Chicken Tendies and options trading:
How Coronavirus turned memelords into stock magnates

By Kyle Farrell

Before I set off for work I quickly check my phone as that anticipated time came around once more. 

UK market opening. 

But instead of watching my shorted stock fall in value the bar kept rising, and rising, and rising. 

And in the space of a few minutes... I lost £3000.

Image courtesy of Hargreaves Lansdown

Only one thing came into my mind. 

“Fuck r/Wallstreetbets.”

Stories like mine are pretty standard for the psychopathic day traders that make up the Wallstreetbets Subreddit.

Imagine a forum of people who revel in the masochism of posting their huge losses and gains made in the blink of an eye.

Where investors of all skills hang out and turn the dull world of Wall Street into a meme playground for self-deprecating degenerates.

That's r/Wallstreetbets in a nutshell, and it's a dangerously addictive place.

Image courtesy of Hargreaves Lansdown

Image courtesy of Hargreaves Lansdown

With hundreds of posts every day, people were hooked on watching traders achieve financial success or laughed as they threw their life savings away.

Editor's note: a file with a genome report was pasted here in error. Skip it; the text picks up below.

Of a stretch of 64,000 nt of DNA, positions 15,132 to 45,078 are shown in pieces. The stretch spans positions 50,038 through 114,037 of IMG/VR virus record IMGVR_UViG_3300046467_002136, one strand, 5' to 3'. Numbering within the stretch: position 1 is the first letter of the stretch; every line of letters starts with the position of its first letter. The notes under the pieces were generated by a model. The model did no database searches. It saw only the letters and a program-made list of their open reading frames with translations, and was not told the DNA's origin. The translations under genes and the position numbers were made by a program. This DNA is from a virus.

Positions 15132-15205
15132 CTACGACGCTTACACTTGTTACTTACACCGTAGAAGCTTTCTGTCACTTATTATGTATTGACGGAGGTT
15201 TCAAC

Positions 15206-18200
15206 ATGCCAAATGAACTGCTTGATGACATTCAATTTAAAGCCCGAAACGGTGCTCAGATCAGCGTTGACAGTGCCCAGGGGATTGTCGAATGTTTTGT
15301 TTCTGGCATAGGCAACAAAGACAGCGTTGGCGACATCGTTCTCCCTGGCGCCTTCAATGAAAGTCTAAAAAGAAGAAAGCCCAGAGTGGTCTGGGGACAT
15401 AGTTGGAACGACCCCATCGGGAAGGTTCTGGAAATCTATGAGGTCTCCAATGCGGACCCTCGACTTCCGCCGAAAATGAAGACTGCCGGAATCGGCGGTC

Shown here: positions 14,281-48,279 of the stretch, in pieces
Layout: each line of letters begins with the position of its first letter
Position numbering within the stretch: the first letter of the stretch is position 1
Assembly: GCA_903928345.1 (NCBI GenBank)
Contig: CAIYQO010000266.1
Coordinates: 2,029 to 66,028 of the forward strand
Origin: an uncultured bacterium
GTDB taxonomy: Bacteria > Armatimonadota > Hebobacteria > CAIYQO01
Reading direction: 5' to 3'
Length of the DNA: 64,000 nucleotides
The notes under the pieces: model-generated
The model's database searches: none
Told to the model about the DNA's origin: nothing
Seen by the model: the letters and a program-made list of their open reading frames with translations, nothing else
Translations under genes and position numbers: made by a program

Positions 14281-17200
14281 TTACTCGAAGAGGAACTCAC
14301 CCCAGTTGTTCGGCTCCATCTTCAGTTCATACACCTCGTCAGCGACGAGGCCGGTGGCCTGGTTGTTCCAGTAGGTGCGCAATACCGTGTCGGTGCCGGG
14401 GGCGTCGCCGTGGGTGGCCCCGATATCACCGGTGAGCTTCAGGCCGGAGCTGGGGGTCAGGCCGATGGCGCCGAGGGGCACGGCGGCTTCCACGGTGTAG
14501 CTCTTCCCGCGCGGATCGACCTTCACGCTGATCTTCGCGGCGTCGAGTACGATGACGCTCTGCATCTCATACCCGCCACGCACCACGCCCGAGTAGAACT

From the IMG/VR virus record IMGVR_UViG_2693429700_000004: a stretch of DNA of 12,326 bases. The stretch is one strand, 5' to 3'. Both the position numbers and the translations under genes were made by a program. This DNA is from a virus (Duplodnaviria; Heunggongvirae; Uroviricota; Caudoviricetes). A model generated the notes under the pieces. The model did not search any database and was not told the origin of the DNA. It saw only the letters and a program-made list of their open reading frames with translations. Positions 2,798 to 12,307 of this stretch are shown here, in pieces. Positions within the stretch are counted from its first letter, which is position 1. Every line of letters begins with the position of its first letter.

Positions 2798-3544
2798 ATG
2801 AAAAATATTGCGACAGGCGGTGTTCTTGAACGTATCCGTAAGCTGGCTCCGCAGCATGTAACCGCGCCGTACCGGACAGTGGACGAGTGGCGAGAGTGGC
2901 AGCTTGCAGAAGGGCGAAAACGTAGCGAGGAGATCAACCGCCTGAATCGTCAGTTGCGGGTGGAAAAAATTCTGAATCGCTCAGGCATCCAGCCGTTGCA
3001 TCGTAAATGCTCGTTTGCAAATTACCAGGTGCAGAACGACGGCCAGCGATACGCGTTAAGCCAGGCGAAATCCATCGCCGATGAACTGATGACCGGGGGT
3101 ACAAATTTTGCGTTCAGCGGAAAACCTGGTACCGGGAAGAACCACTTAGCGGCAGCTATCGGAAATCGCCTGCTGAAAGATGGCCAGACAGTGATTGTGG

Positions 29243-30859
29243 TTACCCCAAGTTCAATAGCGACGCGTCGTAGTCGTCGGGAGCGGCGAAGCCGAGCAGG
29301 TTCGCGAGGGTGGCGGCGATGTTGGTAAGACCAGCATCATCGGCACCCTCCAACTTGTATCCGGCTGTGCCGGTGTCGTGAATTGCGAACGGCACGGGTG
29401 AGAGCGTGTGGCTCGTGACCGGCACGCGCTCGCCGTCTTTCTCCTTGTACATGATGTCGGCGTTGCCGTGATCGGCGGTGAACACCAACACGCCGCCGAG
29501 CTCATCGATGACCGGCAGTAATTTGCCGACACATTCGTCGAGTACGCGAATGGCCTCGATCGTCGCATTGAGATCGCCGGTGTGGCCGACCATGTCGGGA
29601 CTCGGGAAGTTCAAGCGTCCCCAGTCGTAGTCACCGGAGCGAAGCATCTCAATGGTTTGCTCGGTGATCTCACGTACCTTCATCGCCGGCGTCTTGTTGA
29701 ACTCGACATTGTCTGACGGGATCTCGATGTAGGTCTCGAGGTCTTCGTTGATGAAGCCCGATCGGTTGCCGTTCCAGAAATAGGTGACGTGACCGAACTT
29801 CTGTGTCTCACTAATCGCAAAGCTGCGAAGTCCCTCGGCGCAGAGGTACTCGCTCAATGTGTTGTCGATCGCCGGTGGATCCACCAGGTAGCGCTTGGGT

Then in mid-March as Coronavirus took hold in the western world, stock markets collapsed and billions were wiped off savings, portfolios, and pensions in a mere few days.

Bigger losses and frantic price jumps meant Wallstreetbets' membership saw huge growth as an increasingly baying audience rooted for gamblers who were trying to claw back money from the pandemic's economic impact.

But profiteering from the market crash isn't like The Big Short — a true story of brokers who predicted the 2008 financial crisis.

Many can only dream of replicating the Wallstreetbets investors known as 'IKnowTheCodings' and 'WSBGod' who turned a less than $150,000 stake into a multi-million win.

Instead, the sad reality is you're going to be called an 'autist' by an inexperienced 18 year old who bet his first house deposit on a cocky hunch and is now much richer than you.

And in an attempt to follow woefully in their footsteps you'll find yourself losing all your money and think that you should've just opened a savings bank account.

Over the years, the community evolved to have its own weird customs like buying 'Chicken Tendies' being heralded as a benchmark of success or attempts to convince people of making obviously bad moves being followed by the slogan: "But it can't possibly go tits up!"

You’re also either a gay bear — someone who wants stock prices to fall — or bull gang, the opposite. 

The group uses high-risk options trading with the majority backing 'puts' or 'calls' which bank on assets falling or rising in value over a period of time.